Also, I assumed it would simply truncate the value, so that everything to the right of the decimal point would be chopped off and discarded.

it does. That's why 4.99999999999 makes 4.

AWOL

If you want powers of two, why are you using floating point types at all?
The processor is perfectly happy working in binary.
"Pete, it's a fool looks for logic in the chambers of the human heart." Ulysses Everett McGill.
Do not send technical questions via personal messaging - they will be ignored.

PeterMHull

Quote
it does. That's why 4.99999999999 makes 4.


ok, but why does it return 5.00 when displaying it's double form?  It rounds for println purposes?

Quote
If you want powers of two, why are you using floating point types at all?
The processor is perfectly happy working in binary.


I'm playing with someone elses code and that's the datatype they have the class setup to accept.

WizenedEE

#6
Apr 12, 2013, 08:48 am Last Edit: Apr 12, 2013, 08:50 am by WizenedEE Reason: 1

Quote
it does. That's why 4.99999999999 makes 4.

ok, but why does it return 5.00 when displaying it's double form?  It rounds for println purposes?

Yes, the implementation of print(double) uses the same trick I showed you. From Print.cpp:
Code: [Select]

size_t Print::printFloat(double number, uint8_t digits)
{
 size_t n = 0;
 
 if (isnan(number)) return print("nan");
 if (isinf(number)) return print("inf");
 if (number > 4294967040.0) return print ("ovf");  // constant determined empirically
 if (number <-4294967040.0) return print ("ovf");  // constant determined empirically
 
 // Handle negative numbers
 if (number < 0.0)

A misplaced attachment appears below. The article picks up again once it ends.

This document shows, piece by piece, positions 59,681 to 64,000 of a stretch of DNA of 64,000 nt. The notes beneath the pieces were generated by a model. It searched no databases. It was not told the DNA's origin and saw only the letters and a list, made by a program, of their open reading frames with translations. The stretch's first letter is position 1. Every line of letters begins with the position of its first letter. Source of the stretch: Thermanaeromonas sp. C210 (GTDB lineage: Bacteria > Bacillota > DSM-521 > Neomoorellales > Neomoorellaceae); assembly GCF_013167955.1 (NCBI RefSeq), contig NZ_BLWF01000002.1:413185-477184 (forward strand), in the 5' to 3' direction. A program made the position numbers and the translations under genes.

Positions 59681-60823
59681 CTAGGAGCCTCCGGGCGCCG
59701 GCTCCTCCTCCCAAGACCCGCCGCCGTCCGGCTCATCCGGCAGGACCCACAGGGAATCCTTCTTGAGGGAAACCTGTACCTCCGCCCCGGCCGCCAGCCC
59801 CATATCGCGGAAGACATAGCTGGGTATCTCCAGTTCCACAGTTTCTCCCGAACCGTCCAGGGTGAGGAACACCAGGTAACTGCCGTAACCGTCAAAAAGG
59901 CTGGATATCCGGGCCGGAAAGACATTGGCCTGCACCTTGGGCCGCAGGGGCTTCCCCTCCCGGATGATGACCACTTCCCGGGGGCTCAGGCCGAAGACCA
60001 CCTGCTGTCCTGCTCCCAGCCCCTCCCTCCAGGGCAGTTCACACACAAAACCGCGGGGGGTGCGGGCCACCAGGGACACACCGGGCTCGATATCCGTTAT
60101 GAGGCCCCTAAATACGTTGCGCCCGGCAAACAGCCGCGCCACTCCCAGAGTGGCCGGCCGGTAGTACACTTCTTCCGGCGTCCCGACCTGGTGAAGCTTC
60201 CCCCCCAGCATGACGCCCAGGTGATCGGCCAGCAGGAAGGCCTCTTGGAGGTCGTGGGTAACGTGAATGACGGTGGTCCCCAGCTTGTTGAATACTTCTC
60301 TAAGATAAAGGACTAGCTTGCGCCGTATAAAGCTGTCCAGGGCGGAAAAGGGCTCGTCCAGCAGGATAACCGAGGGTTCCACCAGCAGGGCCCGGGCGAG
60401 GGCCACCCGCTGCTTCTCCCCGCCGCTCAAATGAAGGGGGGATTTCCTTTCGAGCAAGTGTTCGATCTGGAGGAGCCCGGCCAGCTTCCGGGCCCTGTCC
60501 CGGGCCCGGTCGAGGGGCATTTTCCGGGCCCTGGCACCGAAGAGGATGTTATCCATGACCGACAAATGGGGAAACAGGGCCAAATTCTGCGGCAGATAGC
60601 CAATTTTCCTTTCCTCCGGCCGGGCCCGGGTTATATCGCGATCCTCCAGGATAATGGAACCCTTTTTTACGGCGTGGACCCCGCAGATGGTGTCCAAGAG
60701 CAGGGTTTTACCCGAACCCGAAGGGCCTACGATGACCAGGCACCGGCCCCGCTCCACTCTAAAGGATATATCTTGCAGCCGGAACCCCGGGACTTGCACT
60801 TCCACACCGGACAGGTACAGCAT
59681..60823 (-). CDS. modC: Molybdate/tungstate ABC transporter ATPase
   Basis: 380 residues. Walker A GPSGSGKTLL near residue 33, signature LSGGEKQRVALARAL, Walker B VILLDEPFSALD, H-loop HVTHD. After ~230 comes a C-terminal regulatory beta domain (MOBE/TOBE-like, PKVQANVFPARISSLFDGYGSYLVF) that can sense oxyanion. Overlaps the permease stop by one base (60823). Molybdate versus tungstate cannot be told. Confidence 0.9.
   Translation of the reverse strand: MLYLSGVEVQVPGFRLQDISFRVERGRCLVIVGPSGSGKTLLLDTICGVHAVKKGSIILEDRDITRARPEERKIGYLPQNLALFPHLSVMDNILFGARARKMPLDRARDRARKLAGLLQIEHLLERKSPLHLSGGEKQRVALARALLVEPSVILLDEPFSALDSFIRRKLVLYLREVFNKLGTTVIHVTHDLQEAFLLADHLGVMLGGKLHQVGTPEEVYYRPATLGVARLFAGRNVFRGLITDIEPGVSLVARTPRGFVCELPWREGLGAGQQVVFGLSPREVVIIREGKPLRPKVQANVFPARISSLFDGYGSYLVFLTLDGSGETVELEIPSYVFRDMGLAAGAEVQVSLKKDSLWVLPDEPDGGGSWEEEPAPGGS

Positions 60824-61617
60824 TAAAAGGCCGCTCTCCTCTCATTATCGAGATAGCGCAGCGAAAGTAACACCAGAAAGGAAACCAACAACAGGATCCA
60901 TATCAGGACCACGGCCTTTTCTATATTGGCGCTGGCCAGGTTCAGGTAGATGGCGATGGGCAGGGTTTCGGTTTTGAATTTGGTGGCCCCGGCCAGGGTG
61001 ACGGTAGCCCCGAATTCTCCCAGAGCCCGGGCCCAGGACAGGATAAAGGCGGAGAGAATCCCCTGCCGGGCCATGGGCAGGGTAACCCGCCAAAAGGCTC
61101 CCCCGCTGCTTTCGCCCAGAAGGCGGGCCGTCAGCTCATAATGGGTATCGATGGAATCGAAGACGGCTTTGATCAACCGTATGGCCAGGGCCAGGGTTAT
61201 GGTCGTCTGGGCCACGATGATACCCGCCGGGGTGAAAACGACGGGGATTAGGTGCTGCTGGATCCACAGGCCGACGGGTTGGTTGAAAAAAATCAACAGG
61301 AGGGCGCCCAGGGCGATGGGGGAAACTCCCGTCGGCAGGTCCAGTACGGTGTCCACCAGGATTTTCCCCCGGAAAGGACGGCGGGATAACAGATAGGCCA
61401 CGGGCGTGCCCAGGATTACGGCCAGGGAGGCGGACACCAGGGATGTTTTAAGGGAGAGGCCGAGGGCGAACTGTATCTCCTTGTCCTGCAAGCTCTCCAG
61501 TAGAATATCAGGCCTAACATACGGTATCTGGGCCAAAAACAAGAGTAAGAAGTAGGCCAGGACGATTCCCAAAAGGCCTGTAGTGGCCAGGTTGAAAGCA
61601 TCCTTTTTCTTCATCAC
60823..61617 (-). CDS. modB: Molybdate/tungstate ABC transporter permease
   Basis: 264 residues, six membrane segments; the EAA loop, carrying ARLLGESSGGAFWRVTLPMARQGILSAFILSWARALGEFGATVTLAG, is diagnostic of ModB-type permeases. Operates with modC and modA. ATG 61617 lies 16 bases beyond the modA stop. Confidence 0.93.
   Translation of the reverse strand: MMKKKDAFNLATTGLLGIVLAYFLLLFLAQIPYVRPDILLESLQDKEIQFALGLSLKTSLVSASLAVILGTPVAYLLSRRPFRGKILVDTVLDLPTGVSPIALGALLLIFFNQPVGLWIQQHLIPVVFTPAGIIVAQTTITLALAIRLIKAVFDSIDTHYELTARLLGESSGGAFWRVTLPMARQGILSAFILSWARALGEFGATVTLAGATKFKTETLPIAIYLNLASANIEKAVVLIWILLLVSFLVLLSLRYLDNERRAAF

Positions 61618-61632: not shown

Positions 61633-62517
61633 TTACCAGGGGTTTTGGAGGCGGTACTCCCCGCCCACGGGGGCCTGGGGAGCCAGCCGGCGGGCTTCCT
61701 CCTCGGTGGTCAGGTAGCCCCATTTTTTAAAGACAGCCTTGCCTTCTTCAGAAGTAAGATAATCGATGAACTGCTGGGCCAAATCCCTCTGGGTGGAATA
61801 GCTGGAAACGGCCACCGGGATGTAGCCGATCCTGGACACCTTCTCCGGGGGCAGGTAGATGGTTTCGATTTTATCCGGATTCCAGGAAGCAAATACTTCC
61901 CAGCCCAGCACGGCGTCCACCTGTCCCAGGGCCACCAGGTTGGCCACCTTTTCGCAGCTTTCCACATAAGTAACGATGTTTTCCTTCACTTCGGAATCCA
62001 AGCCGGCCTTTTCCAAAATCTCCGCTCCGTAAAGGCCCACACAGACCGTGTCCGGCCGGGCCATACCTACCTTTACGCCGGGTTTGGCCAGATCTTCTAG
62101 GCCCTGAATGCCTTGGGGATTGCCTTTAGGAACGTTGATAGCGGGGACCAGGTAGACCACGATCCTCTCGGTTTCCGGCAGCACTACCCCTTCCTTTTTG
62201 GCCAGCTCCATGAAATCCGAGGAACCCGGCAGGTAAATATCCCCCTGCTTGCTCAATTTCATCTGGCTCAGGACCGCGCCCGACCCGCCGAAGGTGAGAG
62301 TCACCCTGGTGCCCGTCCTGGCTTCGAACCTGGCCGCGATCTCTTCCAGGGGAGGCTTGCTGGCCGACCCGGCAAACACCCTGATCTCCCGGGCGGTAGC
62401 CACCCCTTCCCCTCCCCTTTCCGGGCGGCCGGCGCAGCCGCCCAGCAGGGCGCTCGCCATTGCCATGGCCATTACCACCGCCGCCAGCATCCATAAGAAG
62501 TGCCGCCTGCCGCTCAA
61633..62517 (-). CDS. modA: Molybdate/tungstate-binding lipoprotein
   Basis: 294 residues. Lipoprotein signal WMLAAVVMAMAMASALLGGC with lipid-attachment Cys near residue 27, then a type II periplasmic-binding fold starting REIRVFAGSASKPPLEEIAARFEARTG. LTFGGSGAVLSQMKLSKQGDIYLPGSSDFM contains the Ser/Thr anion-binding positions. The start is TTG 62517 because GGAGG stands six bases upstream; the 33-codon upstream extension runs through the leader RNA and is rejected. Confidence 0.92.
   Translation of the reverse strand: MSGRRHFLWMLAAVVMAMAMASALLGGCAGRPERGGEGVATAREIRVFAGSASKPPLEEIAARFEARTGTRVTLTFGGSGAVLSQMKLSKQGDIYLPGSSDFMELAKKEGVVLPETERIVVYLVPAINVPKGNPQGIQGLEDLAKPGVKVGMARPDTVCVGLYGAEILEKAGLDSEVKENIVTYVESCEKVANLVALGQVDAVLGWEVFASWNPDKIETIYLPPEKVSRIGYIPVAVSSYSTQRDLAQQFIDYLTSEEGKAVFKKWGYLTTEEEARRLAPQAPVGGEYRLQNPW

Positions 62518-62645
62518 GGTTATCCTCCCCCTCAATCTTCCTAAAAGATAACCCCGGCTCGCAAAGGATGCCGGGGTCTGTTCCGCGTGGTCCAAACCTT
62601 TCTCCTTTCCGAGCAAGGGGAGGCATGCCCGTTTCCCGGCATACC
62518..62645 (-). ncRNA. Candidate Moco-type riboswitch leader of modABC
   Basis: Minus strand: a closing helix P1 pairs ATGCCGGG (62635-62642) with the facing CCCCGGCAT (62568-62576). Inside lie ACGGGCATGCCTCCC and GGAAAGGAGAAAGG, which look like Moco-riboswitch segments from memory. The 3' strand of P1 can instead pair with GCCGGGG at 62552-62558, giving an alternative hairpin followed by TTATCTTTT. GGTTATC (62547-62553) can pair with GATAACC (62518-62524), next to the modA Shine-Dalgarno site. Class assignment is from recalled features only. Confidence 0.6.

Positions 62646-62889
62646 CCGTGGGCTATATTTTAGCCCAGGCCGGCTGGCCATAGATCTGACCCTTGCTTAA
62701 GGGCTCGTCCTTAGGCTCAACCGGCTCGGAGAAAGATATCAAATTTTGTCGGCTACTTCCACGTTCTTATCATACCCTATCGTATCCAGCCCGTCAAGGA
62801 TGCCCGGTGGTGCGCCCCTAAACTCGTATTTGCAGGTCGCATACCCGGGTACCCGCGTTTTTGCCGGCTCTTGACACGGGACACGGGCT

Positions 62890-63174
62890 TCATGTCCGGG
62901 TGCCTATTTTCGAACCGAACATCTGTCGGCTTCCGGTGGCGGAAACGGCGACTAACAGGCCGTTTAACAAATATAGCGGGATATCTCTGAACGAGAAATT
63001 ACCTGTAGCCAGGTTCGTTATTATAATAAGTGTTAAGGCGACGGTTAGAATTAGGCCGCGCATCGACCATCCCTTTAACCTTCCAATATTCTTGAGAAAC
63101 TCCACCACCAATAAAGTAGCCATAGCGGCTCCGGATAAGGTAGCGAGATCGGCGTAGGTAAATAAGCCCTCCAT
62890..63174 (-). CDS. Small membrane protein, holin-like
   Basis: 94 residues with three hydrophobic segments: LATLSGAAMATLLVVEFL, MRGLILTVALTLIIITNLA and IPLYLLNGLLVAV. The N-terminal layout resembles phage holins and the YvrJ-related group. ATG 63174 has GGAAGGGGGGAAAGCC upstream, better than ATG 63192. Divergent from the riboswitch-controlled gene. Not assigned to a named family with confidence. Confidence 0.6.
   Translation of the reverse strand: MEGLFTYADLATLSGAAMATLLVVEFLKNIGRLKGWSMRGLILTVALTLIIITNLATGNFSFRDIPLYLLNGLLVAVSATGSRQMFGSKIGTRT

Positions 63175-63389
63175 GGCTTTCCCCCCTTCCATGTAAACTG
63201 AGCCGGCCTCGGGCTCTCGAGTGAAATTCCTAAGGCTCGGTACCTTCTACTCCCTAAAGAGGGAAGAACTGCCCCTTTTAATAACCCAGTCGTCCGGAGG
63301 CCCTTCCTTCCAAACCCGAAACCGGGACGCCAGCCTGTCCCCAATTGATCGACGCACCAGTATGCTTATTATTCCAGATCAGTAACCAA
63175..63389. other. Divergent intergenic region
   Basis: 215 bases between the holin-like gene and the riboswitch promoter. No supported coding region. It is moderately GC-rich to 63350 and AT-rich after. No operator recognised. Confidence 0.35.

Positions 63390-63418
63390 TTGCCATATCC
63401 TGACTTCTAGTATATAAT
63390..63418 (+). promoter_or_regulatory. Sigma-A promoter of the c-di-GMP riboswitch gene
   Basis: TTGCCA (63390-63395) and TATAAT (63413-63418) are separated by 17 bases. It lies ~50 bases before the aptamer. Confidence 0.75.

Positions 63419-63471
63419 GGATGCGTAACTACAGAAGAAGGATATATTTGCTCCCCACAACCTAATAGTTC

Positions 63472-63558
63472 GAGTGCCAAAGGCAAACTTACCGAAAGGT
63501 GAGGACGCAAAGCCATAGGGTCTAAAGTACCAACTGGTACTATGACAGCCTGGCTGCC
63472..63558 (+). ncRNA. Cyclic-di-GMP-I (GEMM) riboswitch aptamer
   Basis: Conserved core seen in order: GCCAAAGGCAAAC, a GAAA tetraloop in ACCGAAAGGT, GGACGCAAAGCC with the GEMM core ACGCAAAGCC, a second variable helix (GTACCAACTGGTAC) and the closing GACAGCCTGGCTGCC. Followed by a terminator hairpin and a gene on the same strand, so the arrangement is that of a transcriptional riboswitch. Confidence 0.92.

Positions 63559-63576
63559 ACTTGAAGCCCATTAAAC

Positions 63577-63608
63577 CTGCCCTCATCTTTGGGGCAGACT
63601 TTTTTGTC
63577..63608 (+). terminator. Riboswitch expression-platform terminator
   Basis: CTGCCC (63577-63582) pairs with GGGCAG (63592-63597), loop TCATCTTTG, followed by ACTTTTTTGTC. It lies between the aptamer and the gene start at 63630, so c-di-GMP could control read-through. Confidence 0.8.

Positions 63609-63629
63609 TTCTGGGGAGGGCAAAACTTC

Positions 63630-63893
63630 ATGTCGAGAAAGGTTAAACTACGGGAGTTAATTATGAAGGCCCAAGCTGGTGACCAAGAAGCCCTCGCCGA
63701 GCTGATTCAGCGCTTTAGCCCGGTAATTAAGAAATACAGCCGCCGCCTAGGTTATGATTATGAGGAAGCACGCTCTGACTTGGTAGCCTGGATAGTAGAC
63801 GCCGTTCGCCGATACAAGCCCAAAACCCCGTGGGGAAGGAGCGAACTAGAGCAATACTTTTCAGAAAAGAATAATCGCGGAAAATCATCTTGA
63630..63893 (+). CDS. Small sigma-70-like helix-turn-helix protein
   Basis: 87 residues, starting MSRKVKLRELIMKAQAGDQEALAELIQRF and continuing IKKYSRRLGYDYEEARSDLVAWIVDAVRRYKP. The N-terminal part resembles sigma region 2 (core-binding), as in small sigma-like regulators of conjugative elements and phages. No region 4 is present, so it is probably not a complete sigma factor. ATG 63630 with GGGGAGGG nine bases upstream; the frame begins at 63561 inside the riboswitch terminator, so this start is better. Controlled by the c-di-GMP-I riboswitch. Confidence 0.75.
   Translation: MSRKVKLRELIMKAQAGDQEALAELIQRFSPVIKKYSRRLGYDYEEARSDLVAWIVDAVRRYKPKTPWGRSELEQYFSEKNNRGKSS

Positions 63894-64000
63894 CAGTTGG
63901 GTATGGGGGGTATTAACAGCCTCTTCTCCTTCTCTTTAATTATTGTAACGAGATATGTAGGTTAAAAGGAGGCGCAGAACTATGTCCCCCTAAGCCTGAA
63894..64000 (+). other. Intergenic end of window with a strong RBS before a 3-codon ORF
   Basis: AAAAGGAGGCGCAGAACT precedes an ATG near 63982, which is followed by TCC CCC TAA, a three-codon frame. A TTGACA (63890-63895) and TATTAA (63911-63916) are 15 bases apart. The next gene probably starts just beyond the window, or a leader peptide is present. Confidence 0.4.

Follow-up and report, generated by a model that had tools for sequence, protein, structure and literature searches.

{
    n += print('-');
    number = -number;
 }

 // Round correctly so that print(1.999, 2) prints as "2.00"
 double rounding = 0.5;
 for (uint8_t i=0; i<digits; ++i)
   rounding /= 10.0;
 
 number += rounding;

 // Extract the integer part of the number and print it
 unsigned long int_part = (unsigned long)number;
 double remainder = number - (double)int_part;
 n += print(int_part);

 // Print the decimal point, but only if there are digits beyond
 if (digits > 0) {
   n += print(".");
 }

 // Extract digits from the remainder one at a time
 while (digits-- > 0)
 {
   remainder *= 10.0;
   int toPrint = int(remainder);
   n += print(toPrint);
   remainder -= toPrint;
 }
 
 return n;
}


if you're still curious:
http://en.wikipedia.org/wiki/Double-precision_floating-point_format

PeterMHull

Alright, I see what your saying.  I'll give that link a look tomorrow, thanks.

Coding Badly


And if you're really curious...
http://docs.oracle.com/cd/E19957-01/806-3568/ncg_goldberg.html

Fletcher Chr

Hi

Quote
BTW, what I'm trying to do basically... is count up in binary... to get this pattern:
00000001
00000011
00000111
00001111
00011111
00111111
01111111
11111111


How about this:

Code: [Select]
void setup(){
  Serial.begin(115200);
  int lines=8;
  int number=1;
 
  for (int s=lines-1;s>=0;s--){
    for (int t=lines-1;t>=0;t--){
      Serial.print(bitRead(number,t));
    }
    Serial.println();
    number<<=1;  // bitshift number one to the left
    number+=1;   // add 1 to the right most bit
  }
}

void loop(){}


Output:
00000001
00000011
00000111
00001111
00011111
00111111
01111111
11111111


-Fletcher

AWOL

Quote
what I'm trying to do basically... is count up in binary... to get this pattern:
00000001
00000011
00000111
00001111
00011111
00111111
01111111
11111111
which of course is unary, not binary.
"Pete, it's a fool looks for logic in the chambers of the human heart." Ulysses Everett McGill.
Do not send technical questions via personal messaging - they will be ignored.

Delta_G


Quote
what I'm trying to do basically... is count up in binary... to get this pattern:
00000001
00000011
00000111
00001111
00011111
00111111
01111111
11111111
which of course is unary, not binary.


Can you explain what you mean by that?  They look like binary numbers to me...

AWOL

Well, of course they're binary numbers.
Just not consecutive binary numbers.
"Pete, it's a fool looks for logic in the chambers of the human heart." Ulysses Everett McGill.
Do not send technical questions via personal messaging - they will be ignored.